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Pediatrics. 1985 Mar;75(3):553-61.

Morphologic significance of bifid uvula.


Bifid uvula is often regarded as a marker for submucous cleft palate although this relationship has not been fully confirmed. The reason for the tacitly assumed connection between these two anomalies has, in part, been perpetuated by the generally accepted definition of submucous cleft palate as the triad of bifid uvula, notching of the hard palate, and muscular diastasis of the soft palate. Recently, investigations have provided evidence of more subtle manifestations of submucous cleft palate by the use of nasopharyngoscopic examination of the palate and pharynx. It has been determined that submucous cleft palate can occur even when a peroral examination shows an intact uvula. This finding places the "marker" relationship in question. In order to determine the frequency of association between bifid uvula and submucous clefting, a total ascertainment of children with bifid uvula from a suburban pediatric practice was examined nasopharyngoscopically. It was determined that in all but two cases, children with bifid uvula had some or all of the landmarks of submucous cleft palate. Several of the children were found to have velopharyngeal insufficiency and mildly hypernasal speech. This finding prompts caution in the recommendation of adenoidectomy in the presence of bifid uvula.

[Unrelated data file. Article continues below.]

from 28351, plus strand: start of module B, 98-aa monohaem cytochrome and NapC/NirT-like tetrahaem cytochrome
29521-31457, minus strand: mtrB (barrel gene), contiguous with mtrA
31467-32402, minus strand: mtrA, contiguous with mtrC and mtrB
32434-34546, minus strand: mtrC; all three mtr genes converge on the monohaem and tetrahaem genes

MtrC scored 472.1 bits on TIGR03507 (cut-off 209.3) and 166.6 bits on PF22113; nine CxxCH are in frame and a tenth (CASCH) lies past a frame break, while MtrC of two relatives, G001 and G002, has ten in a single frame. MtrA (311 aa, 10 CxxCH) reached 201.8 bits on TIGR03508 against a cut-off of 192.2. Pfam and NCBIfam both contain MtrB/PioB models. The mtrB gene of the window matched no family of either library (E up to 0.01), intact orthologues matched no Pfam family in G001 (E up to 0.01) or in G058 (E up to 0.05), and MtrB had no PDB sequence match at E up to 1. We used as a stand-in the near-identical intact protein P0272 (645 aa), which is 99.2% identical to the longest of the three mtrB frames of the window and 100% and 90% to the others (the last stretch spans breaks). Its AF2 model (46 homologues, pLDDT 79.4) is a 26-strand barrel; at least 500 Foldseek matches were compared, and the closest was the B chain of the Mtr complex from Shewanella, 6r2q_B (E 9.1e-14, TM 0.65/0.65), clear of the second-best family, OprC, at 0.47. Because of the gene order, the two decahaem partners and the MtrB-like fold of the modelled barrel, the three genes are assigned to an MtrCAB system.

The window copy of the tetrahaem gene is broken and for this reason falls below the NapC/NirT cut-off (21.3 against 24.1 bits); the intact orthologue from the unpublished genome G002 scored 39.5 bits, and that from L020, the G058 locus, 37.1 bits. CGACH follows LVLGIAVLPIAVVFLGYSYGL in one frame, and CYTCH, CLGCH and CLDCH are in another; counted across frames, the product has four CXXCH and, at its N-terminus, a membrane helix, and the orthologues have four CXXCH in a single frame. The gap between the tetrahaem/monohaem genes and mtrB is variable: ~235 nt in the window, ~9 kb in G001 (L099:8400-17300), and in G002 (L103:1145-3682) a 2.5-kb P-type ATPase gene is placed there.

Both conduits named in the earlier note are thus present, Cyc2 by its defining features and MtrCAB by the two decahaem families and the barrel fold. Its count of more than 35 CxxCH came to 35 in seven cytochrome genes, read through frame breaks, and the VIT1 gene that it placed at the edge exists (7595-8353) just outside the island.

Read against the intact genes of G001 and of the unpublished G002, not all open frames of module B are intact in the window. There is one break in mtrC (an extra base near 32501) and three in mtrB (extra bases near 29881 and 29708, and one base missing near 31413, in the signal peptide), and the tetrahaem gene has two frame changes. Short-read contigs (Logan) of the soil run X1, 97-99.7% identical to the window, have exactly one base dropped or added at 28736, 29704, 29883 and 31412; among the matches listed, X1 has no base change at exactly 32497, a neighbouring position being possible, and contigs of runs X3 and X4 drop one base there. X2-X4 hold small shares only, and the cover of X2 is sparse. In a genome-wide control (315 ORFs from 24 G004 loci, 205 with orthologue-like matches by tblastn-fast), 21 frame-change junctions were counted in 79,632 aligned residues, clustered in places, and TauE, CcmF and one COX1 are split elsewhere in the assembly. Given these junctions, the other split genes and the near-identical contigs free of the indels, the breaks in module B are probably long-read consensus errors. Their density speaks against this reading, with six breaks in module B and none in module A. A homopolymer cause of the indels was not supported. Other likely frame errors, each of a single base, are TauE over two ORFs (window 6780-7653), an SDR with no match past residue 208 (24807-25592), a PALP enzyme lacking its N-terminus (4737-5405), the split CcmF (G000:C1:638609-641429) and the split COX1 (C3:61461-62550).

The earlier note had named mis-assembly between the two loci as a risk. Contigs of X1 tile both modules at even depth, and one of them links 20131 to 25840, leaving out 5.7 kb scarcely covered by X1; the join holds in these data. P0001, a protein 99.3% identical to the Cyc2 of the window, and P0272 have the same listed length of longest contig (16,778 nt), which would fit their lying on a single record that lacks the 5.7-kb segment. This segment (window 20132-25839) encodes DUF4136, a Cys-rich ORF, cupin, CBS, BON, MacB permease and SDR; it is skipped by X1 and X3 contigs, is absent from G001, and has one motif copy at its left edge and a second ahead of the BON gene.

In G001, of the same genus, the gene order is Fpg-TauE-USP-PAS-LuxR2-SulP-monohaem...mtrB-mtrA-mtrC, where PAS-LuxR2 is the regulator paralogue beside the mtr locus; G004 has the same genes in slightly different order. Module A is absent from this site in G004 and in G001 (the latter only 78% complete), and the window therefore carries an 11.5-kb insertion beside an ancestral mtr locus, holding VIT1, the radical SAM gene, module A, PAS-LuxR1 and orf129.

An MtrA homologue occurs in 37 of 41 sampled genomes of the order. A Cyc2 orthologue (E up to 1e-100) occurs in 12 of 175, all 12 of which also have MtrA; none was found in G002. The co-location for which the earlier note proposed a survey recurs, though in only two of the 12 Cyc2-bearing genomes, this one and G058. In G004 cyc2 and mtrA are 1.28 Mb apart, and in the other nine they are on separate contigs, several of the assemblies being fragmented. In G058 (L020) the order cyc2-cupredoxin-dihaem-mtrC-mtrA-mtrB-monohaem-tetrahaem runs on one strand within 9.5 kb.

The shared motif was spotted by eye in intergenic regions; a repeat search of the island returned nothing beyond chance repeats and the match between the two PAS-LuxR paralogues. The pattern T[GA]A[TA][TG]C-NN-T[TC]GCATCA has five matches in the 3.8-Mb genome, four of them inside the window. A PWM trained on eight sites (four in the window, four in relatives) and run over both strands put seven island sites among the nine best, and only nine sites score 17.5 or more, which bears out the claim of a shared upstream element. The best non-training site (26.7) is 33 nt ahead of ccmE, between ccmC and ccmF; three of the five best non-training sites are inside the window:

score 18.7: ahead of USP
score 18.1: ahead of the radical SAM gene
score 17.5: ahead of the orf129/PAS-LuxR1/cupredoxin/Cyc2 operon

[Indexed for MEDLINE]

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